Quoting unspecified government sources, Kyodo news agency said the government planned to revise the law to include harsher punishments for violators. Tokyo was also seeking stricter controls on exports of machinery that could be used to develop nuclear weapons and other weapons of mass destruction, the sources were quoted as saying.
The government wanted to have the legislation passed during a parliamentary session opening on Thursday, they said. Japanese government officials were not immediately available for comment.
The report follows North Korea's agreement to return to six-party talks aimed at coaxing it into scrapping its nuclear weapons plans. US officials expressed hope last week of making progress in the nuclear standoff.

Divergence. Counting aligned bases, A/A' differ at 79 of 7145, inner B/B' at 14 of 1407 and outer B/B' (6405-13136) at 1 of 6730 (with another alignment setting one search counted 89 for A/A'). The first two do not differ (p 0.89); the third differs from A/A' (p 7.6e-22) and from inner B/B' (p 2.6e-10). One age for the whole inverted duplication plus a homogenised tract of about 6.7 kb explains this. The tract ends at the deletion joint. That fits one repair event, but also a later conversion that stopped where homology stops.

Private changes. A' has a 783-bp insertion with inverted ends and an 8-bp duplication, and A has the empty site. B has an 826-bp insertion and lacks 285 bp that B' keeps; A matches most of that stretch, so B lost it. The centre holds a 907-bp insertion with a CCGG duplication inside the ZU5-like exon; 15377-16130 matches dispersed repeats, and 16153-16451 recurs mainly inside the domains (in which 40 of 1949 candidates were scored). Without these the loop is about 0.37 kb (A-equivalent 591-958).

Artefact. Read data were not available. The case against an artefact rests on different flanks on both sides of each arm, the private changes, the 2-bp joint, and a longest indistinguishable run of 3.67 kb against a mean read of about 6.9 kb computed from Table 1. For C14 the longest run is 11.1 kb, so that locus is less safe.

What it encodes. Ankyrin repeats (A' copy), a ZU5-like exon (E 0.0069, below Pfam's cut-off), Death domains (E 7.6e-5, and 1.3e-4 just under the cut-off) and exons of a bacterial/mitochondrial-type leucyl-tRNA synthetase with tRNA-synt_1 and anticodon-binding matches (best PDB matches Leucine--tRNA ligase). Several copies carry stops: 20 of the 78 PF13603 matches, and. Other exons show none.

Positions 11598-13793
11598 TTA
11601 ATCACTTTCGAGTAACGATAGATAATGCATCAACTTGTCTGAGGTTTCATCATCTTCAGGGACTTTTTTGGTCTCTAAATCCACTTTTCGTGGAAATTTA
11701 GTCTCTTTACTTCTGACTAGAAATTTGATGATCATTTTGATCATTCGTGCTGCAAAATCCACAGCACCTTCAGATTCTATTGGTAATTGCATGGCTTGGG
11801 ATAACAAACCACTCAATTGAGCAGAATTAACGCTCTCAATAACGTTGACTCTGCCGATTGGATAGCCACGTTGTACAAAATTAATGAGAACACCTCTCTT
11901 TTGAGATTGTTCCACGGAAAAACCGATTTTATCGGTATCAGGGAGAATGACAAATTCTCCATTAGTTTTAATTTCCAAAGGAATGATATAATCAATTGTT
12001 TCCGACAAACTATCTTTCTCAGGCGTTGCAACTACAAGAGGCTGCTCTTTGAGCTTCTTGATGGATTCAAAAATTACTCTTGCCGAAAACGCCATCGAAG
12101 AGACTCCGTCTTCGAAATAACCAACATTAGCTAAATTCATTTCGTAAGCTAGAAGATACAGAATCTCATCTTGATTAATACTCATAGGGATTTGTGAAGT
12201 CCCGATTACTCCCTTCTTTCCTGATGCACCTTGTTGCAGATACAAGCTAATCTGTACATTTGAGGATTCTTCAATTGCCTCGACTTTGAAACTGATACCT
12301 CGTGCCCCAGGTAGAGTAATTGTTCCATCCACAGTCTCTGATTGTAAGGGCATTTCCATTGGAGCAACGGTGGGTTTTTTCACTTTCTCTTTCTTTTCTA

After Pyongyang test-launched seven missiles on July 5 and conducted a nuclear test on October 9, Tokyo slapped its neighbour with a package of sanctions.
Punitive steps included banning visits by a North Korean ferry long suspected of involvement in transporting parts for North Korea's missile programmes.
In November, Japan banned exports of luxury goods to the North in a move experts said was aimed at the ruling elite, whose lavish lifestyle is in stark contrast to that of most citizens of their impoverished state.
Following Pyongyang's nuclear test, the United Nations Security Council approved a resolution that, among other measures, blocks trade with North Korea in luxury goods.